At Howard Law, P.C., our Riverside debt collection attorneys frequently represent people who have been harassed or deceived by unscrupulous debt collectors. There are laws in place to protect consumers from overreaching by collection agencies, but the agencies break the law fairly often, and consumers have to sue to stop the harassment. Most often, non-bankrupt consumers in California use the Fair Debt Collection Practices Act and the similar Rosenthal FDCPA here in California. But when the collection uses multiple, auto-dialed phone calls, debt collectors may also sue under the federal Telephone Consumer Protection Act. In a Wisconsin case, Nelson v. Santander Consumer USA et al, a federal court recently ruled that the TCPA applies to debt-collection calls originated by a system capable of auto-dialing, even if the calls themselves were not auto-dialed.
The lawsuit was brought by Heather Nelson, the user of a cell phone number called 1,026 times in 13 months by Santander Consumer USA. The phone was in the name of her husband and paid for by him. Santander was attempting to collect a debt on two auto loans refinanced in 2007. To make the calls, it used a system that enables predictive dialing, in which the system times dialing to coincide with the next free time a live person is predicted to have. The system also uses preview dialing, in which live people click on a phone number on a computer screen, and the number is dialed. It is not disputed that Nelson requested in writing that Santander stop calling the number, or that Santander did not stop. In total, it left 119 voice mails on her phone. After one of the vehicles was repossessed, Nelson sued under the TCPA, the FDCPA, the Wisconsin Consumer Act and Wisconsin common law, then moved for summary judgment on the TCPA and Wisconsin Act claims.
The district court surprised the debt collection world by granting summary judgment on the TCPA. In relevant part, the TCPA makes it illegal to call a cell phone without the called party's consent using "any automatic telephone dialing system or an artificial or prerecorded voice." In relevant part, the court ruled that it was irrelevant whether Santander used "a random or sequential number generator" when it called Nelson. The FCC, in its regulations, has included predictive dialers as prohibited by the TCPA. Santander argued that this should be ignored because it's inconsistent with the statute and not expressly authorized by Congress. The district court rejected this as perilously close to frivolous. Finally, the court rejected an argument that Nelson should show which calls to her were made by predictive dialing, saying the law only requires that the system has the capacity for predictive dialing. It then awarded $571,000 in statutory damages.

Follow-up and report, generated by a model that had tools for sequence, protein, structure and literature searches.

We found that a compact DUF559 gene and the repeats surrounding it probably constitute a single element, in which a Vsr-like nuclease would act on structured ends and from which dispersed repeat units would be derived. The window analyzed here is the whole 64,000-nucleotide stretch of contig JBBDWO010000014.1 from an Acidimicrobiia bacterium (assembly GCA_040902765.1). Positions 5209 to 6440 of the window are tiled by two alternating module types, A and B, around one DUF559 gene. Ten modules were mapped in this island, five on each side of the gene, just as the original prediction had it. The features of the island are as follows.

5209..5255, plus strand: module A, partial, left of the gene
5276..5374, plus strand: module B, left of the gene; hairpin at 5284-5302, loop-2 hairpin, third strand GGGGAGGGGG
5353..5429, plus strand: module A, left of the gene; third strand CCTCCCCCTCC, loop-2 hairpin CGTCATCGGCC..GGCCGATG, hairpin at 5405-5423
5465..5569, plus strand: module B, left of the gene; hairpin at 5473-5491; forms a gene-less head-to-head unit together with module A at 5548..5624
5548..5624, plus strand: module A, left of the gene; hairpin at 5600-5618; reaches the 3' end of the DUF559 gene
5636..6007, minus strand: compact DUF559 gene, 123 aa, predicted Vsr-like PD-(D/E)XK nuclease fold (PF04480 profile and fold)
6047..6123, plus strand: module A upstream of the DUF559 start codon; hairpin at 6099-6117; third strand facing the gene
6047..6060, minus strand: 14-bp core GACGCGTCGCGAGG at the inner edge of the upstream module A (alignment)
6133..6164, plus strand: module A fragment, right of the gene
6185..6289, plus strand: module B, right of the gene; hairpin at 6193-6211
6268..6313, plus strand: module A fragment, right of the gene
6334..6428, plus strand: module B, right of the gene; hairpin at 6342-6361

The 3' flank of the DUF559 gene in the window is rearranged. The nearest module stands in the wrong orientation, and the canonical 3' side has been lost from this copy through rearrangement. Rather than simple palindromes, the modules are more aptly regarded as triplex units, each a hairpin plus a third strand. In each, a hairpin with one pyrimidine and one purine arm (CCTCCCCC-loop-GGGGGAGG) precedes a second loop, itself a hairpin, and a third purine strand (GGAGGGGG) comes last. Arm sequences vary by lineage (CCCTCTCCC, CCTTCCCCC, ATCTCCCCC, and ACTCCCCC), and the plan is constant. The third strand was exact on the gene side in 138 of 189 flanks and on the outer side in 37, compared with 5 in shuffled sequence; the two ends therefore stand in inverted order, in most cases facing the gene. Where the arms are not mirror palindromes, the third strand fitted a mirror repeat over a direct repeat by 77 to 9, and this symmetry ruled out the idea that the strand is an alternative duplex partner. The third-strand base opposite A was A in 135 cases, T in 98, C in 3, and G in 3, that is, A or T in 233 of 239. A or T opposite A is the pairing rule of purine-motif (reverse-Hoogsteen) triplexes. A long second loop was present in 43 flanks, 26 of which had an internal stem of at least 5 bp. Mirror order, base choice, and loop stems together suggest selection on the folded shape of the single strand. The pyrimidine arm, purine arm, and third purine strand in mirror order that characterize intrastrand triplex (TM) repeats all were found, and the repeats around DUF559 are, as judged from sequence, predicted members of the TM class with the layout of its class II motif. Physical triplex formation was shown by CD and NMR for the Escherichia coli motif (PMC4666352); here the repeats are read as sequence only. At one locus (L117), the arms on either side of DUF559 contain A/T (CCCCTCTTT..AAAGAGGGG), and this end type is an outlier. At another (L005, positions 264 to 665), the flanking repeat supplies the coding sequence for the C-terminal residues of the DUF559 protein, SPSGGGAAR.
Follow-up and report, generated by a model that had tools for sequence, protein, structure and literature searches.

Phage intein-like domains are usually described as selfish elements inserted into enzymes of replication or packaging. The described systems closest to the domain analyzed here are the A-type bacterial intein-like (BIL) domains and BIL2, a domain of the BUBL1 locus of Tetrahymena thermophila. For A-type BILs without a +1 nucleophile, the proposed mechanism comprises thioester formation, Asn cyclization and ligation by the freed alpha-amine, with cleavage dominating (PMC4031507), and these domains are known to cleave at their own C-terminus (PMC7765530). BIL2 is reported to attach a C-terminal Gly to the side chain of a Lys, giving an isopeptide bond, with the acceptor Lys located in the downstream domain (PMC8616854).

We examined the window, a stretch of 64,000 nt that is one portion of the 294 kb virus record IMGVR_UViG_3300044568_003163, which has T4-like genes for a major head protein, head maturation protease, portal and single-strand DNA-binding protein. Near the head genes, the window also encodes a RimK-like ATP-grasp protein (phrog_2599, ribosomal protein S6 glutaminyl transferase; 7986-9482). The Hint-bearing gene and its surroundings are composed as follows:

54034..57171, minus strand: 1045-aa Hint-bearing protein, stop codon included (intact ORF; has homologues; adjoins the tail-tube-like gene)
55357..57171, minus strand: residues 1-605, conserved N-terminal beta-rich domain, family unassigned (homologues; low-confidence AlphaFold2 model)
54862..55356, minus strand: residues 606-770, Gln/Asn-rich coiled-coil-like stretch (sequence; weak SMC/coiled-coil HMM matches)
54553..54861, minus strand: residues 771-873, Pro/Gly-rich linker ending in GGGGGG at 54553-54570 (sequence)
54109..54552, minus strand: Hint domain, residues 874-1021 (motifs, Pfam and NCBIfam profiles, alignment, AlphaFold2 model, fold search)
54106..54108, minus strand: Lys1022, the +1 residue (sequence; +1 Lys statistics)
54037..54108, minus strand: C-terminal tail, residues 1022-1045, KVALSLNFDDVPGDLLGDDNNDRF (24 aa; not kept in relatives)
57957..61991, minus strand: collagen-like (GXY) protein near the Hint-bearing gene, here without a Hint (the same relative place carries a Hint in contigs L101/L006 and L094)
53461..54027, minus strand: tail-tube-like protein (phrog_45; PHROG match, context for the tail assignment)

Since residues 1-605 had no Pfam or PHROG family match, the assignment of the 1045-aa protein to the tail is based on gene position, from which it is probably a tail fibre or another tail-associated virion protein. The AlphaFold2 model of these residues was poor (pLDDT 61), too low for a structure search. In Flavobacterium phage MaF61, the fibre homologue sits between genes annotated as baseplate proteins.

Vincent Howard and our Santa Ana unfair debt collection lawyers are very pleased by this result. The district court's interpretation is not binding outside this case, but it could guide other courts that will consider the issue. That's one reason debt collection industry websites are now talking about this case--they may be concerned that their current practices are now illegal and vulnerable to lawsuits. From a consumer protection standpoint, this is great news; it gives consumers more ways to fight back when their cell phones are bombarded by obnoxious, illegal automated calls. Vincent Howard and our San Bernardino County illegal debt collection attorneys will be pleased to use this law when appropriate to protect our clients' rights.
If you have been harassed, lied to or otherwise mistreated by a debt collector, Vincent Howard and the team at Howard Law can help you fight back. Call us today at 1-800-872-5925 to tell us your story or send us an email.